This surgery cuts away adhesions from within the body. Adhesions are scar tissues that often form in the abdomen or pelvis after surgery as part of the normal healing process. They can also form in the joints or eyes.
Adhesions can also happen after an infection or problems, such as:
|Laparoscopic Surgery for Bowel Adhesions|
|Copyright © Nucleus Medical Media, Inc.|
Reasons for Procedure
This surgery is done to remove adhesions that are causing problems, such as:
- Bowel obstruction
- Limited range of motion
Problems are rare, but all procedures have some risk. The doctor will go over some problems that could happen, such as:
- Excess bleeding
- Problems from anesthesia, such as wheezing or sore throat
- Blood clots
- Harm to nearby structures, such as organs or joints
- More adhesions
Things that may raise the risk of problems are:
What to Expect
Prior to Procedure
The surgical team may meet with you to talk about:
- Anesthesia options
- Any allergies you may have
- Current medicines, herbs, and supplements that you take and whether you need to stop taking them before surgery
- Fasting before surgery, such as avoiding food or drink after midnight the night before
- Arranging for a ride to and from surgery
The doctor may give general anesthesia. You will be asleep.
Description of the Procedure
This surgery is usually done laparoscopically . This type of surgery uses small cuts. It may lower the risk of problems and speed healing.
Small cuts will be made in the belly. Gas will be used to expand the belly and make it easier to view inside. A scope with a light and camera will be placed through a cut. Pictures will be sent to a nearby screen. The adhesions will be cut using small tools inserted through the cuts. The cuts will be closed with stitches or staples. Bandages will be placed over them.
In some people, the doctor may need to switch to open surgery. A larger cut will be made in the belly. The adhesions will be cut. The cut will be closed with stitches or staples. A bandage will be placed over it.
Small cuts will be made in the skin around the joint. A scope and tools will be inserted through the cuts. The adhesions will be cut using small tools inserted through the cuts. The cuts will be closed with stitches or staples. Bandages will be placed over them.
How Long Will It Take?
1 to 3 hours
Will It Hurt?
Anesthesia will prevent pain during surgery. Pain and swelling are common in the first few weeks. Medicine and home care can help.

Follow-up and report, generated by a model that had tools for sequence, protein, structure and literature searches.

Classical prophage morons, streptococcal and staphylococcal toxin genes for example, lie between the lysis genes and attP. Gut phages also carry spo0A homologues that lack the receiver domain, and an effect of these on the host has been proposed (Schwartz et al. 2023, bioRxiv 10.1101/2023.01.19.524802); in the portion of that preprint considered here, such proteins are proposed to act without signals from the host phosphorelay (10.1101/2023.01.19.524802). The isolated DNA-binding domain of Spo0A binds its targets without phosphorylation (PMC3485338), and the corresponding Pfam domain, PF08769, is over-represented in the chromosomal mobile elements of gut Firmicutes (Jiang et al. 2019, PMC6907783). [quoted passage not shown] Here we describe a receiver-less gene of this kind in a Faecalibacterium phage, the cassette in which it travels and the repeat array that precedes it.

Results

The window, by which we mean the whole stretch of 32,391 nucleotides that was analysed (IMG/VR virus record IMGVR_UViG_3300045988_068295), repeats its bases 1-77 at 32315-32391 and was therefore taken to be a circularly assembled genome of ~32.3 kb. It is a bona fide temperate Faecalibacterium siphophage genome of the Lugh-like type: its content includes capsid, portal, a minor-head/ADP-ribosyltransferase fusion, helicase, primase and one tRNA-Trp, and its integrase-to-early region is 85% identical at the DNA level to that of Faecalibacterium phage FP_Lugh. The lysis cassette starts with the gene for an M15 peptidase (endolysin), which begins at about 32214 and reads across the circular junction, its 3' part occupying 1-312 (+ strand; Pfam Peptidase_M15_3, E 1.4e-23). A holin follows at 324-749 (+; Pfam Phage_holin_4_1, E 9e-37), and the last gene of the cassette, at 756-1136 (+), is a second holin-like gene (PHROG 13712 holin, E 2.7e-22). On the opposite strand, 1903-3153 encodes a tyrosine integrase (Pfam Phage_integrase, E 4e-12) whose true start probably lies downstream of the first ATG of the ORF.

Average Hospital Stay
The usual length of stay is 1 to 3 days. It depends on how the surgery was done. If you have any problems, you may need to stay longer.
After the procedure, the staff may give you pain medicines.
During your stay, the hospital staff will take steps to lower your risk of infection, such as:
- Washing their hands
- Wearing gloves or masks
- Keeping your cuts covered
There are also steps you can take to lower your risk of infection, such as:
- Washing your hands often and reminding visitors and staff to do the same
- Reminding staff to wear gloves or masks
- Not letting others touch your cuts
It will take a few weeks to fully heal. Physical activity may be limited during this time. You may need to delay your return to work.
Problems to Look Out For
Call the doctor if you are not getting better or you have:
- Signs of infection, such as fever and chills
- Redness, swelling, a lot of bleeding, or discharge from the cut
- Pain that you cannot control with medicine
- Lasting nausea or vomiting
- Stool that is black or has blood in it
- Problems passing urine or stool
- Cough, shortness of breath, or chest pain
If you think you are having an emergency, call for medical help right away.
The American College of Obstetricians and Gynecologists https://www.acog.org
American College of Surgeons https://www.facs.org
Health Canada https://www.canada.ca
The Society of Obstetricians and Gynaecologists of Canada https://www.sogc.org
Abdominal adhesions. Cleveland Clinic website. Available at: https://my.clevelandclinic.org/health/diseases/15254-abdominal-adhesions. Accessed April 5, 2022.
Abdominal adhesions. National Institute of Diabetes and Digestive and Kidney Diseases website. Available at: https://www.niddk.nih.gov/health-information/digestive-diseases/abdominal-adhesions. Accessed April 5, 2022.
Adhesion. Mount Sinai website. Available at: http://www.mountsinai.org/health-library/diseases-conditions/adhesion. Accessed April 5, 2022.
- Reviewer: EBSCO Medical Review Board Daniel A. Ostrovsky, MD
- Review Date: 11/2021
- Update Date: 04/05/2022